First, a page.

Hot Air Blog Archive Oh, by the way, O-Care lets states opt out of the individual mandate
From HotAir:It’s called the “Empowering States to be Innovative” amendment. And it would, quite literally, give states the right to set up their own health care system — with or without an individual mandate or, for that matter, with or without a public option — provided that, as Wyden puts it, “they can meet the coverage requirements of the bill.”
From the bill:I went looking on Google to find out how Ed and I could have missed this, and it turns out we didn’t. Everyone missed it. There were precisely two pages of results for “Empowering States to be Innovative” when I searched earlier this afternoon; one of the most comprehensive treatments of the subject, posted six months ago, was this piece, which devoted a paragraph to it. Good work, media. So which “coverage requirements” would a state have to meet to qualify for an O-Care waiver? Here’s the relevant section from the Senate bill; skip ahead to page 212.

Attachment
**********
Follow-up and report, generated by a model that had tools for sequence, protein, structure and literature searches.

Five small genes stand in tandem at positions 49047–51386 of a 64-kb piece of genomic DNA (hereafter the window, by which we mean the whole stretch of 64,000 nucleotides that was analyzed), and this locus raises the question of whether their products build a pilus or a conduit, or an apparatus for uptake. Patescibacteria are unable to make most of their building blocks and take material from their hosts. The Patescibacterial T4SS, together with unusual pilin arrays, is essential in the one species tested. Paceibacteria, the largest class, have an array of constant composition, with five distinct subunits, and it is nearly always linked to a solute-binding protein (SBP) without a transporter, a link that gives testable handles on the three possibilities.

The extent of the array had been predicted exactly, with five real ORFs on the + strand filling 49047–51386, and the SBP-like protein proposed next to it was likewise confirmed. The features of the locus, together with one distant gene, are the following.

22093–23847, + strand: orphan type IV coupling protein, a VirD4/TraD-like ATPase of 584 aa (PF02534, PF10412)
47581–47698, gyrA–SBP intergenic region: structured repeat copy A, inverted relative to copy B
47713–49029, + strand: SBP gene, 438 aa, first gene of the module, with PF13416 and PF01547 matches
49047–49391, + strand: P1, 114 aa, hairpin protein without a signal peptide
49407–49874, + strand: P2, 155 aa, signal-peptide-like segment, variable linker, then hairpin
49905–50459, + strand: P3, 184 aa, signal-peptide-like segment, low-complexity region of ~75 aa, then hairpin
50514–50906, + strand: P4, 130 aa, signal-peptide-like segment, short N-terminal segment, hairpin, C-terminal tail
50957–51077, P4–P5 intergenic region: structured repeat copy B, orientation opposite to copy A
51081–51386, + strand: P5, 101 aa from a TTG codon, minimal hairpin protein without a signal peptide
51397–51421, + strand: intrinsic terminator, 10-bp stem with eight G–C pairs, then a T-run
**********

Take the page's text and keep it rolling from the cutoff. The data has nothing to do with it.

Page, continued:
(A) will provide coverage that is at least as comprehensive as the coverage defined in section 1302(b) and offered through Exchanges established under this title as certified by Office of the Actuary of the Centers for Medicare & Medicaid Services based on sufficient data from the State and from comparable States about their experience with programs created by this Act and the provisions of this Act that would be waived;
(B) will provide coverage and cost sharing protections against excessive out-of-pocket spending that are at least as affordable as the provisions of this title would provide;
(C) will provide coverage to at least a comparable number of its residents as the provisions of this title would provide; and
(D) will not increase the Federal deficit.
It's unlikely that states will actually be deemed to have met the requirements and get to opt out, but the fact that this wasn't played up for political points one bit, when so much attention was given to the idea of being able to opt out, is a pretty hilarious piece of evidence that nobody - in Congress or otherwise - actually read through the bill, which is longer than the last two Harry Potter books combined.